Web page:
facial recognition

Many states restrict the federal government’s access to identification databases, but privacy protections depend on where you live.
Members of the city’s board of supervisors advanced an ordinance saying such technology “will exacerbate racial injustice.”
The ACLU compared members of Congress with 25,000 mug shots using the same software Amazon is pitching to law enforcement.
Some fear the government will use the technology to flush out dissidents.
As with many new technologies that offer to better what we as humans are capable, there is a sense that we require considerably higher standards of the technology than we expect from ourselves.
This subset of super recognizers have only recently come to light, so it is unclear how common their ability is. Of course, the majority of the population lie within the normal range of facial perception. Although, with the wonderful array of expressions we can perceive and relay, and the minuscule differences we can spot in faces, "normal" seems a little modest.
Facial profiling has always been a highly controversial topic. While it can be disastrous if used with stupidity, correct usage of this technology can prove quite useful in the advancement of criminal technology.
We accept the fact that we are constantly being recorded because we expect this to have virtually no impact on our lives. But this balance may soon be upended by advancements in facial recognition technology.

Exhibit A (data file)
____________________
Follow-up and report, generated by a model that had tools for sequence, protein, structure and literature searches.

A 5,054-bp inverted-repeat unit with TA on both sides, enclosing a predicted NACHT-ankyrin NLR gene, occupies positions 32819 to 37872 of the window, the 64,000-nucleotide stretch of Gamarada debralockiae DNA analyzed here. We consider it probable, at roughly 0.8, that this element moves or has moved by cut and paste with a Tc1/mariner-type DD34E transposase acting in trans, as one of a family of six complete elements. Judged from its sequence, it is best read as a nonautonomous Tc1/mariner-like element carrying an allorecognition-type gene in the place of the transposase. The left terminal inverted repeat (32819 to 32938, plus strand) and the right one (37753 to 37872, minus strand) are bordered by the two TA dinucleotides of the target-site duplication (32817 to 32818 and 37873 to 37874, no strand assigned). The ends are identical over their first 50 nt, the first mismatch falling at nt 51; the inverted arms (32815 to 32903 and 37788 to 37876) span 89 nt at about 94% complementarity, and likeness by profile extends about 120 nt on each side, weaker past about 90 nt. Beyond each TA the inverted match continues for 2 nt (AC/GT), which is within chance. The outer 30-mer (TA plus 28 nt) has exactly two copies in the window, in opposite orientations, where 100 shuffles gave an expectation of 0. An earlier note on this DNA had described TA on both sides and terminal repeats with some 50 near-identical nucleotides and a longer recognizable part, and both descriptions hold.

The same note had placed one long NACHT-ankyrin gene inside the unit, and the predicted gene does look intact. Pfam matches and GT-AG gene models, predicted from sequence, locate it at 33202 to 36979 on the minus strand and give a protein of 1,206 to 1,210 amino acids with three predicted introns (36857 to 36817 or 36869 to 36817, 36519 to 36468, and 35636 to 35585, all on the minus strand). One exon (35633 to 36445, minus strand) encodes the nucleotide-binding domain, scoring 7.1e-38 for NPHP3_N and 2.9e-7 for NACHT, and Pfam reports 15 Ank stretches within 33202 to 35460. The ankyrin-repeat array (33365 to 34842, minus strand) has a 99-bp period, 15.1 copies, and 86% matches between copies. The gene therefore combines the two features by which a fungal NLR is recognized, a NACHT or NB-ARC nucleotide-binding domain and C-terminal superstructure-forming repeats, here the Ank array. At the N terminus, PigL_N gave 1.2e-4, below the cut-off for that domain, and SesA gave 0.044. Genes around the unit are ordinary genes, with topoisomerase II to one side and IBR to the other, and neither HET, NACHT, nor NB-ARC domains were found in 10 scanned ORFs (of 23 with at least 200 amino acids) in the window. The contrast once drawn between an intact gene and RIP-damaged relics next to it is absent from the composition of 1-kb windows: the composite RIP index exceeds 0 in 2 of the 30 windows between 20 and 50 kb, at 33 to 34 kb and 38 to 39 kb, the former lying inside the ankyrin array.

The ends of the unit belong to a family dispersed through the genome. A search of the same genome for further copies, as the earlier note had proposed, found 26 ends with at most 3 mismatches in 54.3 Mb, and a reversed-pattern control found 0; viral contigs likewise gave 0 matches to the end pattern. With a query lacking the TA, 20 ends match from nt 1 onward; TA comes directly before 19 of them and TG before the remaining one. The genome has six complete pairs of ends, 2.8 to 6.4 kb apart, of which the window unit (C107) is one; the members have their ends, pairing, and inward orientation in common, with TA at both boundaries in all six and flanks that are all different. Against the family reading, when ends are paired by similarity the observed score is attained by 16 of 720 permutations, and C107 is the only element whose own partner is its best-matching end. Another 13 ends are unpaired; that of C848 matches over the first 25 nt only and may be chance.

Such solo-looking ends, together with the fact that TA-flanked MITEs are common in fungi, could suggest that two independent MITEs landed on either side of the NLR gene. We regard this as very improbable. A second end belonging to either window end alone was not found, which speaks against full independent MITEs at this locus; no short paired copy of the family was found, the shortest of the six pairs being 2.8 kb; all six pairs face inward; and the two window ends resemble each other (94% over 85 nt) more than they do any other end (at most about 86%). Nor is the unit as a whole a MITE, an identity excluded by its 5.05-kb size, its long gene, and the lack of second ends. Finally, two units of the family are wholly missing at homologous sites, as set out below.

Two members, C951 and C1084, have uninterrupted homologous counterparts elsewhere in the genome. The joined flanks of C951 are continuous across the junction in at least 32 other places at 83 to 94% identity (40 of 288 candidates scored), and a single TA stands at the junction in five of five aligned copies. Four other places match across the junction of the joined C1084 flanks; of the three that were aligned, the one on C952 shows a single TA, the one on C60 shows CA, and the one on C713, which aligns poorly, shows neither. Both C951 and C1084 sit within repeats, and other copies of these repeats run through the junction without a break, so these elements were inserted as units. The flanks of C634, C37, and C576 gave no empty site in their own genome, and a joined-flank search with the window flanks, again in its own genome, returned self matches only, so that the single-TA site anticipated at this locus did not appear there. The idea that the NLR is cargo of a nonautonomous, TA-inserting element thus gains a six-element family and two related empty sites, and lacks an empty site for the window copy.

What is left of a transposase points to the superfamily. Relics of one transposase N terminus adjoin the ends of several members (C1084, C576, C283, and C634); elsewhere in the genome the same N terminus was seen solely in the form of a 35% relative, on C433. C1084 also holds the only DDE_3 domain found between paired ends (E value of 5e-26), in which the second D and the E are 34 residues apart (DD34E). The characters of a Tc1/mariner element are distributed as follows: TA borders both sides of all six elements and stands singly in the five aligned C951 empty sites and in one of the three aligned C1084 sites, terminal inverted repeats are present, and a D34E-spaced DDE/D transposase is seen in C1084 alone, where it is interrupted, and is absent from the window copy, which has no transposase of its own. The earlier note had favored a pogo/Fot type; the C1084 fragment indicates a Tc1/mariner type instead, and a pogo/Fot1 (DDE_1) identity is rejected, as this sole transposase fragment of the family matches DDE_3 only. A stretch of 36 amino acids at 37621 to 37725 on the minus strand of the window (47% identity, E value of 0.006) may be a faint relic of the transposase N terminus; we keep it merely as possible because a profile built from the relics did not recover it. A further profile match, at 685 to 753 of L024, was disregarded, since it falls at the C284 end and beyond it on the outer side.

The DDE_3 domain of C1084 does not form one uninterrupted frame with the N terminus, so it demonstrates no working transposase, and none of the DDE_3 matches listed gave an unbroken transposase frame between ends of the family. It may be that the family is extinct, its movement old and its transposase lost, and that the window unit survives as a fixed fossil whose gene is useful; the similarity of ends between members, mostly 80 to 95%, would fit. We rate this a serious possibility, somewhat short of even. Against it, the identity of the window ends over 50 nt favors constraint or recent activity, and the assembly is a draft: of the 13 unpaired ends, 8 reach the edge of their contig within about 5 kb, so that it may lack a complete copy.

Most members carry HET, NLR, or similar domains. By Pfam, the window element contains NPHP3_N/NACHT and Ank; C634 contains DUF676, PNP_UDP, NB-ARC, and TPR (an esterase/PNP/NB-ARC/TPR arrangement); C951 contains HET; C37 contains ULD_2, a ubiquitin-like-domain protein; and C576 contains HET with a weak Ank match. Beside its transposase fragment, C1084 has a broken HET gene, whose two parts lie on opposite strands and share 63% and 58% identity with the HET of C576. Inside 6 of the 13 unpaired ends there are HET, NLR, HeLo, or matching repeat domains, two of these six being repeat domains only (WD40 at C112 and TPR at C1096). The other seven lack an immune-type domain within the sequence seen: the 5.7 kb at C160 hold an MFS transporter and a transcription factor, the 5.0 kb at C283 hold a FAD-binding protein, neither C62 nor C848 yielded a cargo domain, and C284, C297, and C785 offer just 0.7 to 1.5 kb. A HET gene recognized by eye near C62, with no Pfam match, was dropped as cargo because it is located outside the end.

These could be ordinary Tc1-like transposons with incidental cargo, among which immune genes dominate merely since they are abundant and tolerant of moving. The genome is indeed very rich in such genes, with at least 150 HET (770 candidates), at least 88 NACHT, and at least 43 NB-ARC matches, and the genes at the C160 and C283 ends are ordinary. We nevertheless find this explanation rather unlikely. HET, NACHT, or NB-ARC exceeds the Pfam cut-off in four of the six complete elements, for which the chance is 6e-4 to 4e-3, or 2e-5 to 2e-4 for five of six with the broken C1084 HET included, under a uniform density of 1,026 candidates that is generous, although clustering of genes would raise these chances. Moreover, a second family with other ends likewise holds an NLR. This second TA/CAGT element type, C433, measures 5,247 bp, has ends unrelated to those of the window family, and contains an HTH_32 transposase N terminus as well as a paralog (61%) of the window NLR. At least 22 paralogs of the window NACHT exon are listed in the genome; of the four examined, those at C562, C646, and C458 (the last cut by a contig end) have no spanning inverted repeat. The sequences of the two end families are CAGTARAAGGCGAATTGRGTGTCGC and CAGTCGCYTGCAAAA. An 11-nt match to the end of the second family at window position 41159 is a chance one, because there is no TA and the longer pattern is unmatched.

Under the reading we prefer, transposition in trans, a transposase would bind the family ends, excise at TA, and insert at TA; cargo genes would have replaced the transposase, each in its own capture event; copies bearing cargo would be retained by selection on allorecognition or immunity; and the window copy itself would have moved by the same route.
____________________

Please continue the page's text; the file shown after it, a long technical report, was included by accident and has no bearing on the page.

What if you could alter a video of anyone to emulate facial and mouth movements that never existed in the source video—by
"My voice gives me access to proceed, please verify me," I announced to the phone in my hand. It scanned my face to see if my lips were moving. I then read aloud series of numbers. The voiceprint was a match, and the app unlocked itself - the demonstration was a success.
Seemingly taking its cue from science fiction, technology has moved so fast in the short time since Minority Report premiered in 2002 that what once seemed futuristic no longer occupies the realm of science fiction.
Every new technology can be used for good or ill. Such is the case with the newly developing field of behavioral biometrics, a technology that's not the same as the physiological "biometrics" many of us know well. The chart below differentiates the two categories.
A decade ago, social media was just beginning to bloom and people were only sharing their photos and thoughts with handfuls of trusted family and friends. Ten years later, social media dominates our lives.
Why a company would go to such extreme (and unsettling) measures to shield the emotions of their employees is a mystery. Perhaps they're taking the phrase "office drones" a bit too seriously.
The warning signs are all around us. The question is whether you will organize, take a stand and fight for freedom, or will you, like so many clueless Americans, freely walk into the slaughterhouse?
The site's artificial intelligence researchers have figured out how to recognize "hairdo, clothing, body shape and pose" in photos. They don't need to see your face to know it's you.
"Free worlders" is prison slang for those who are not incarcerated behind prison walls. Supposedly, those fortunate souls live in the "free world." However, appearances can be deceiving.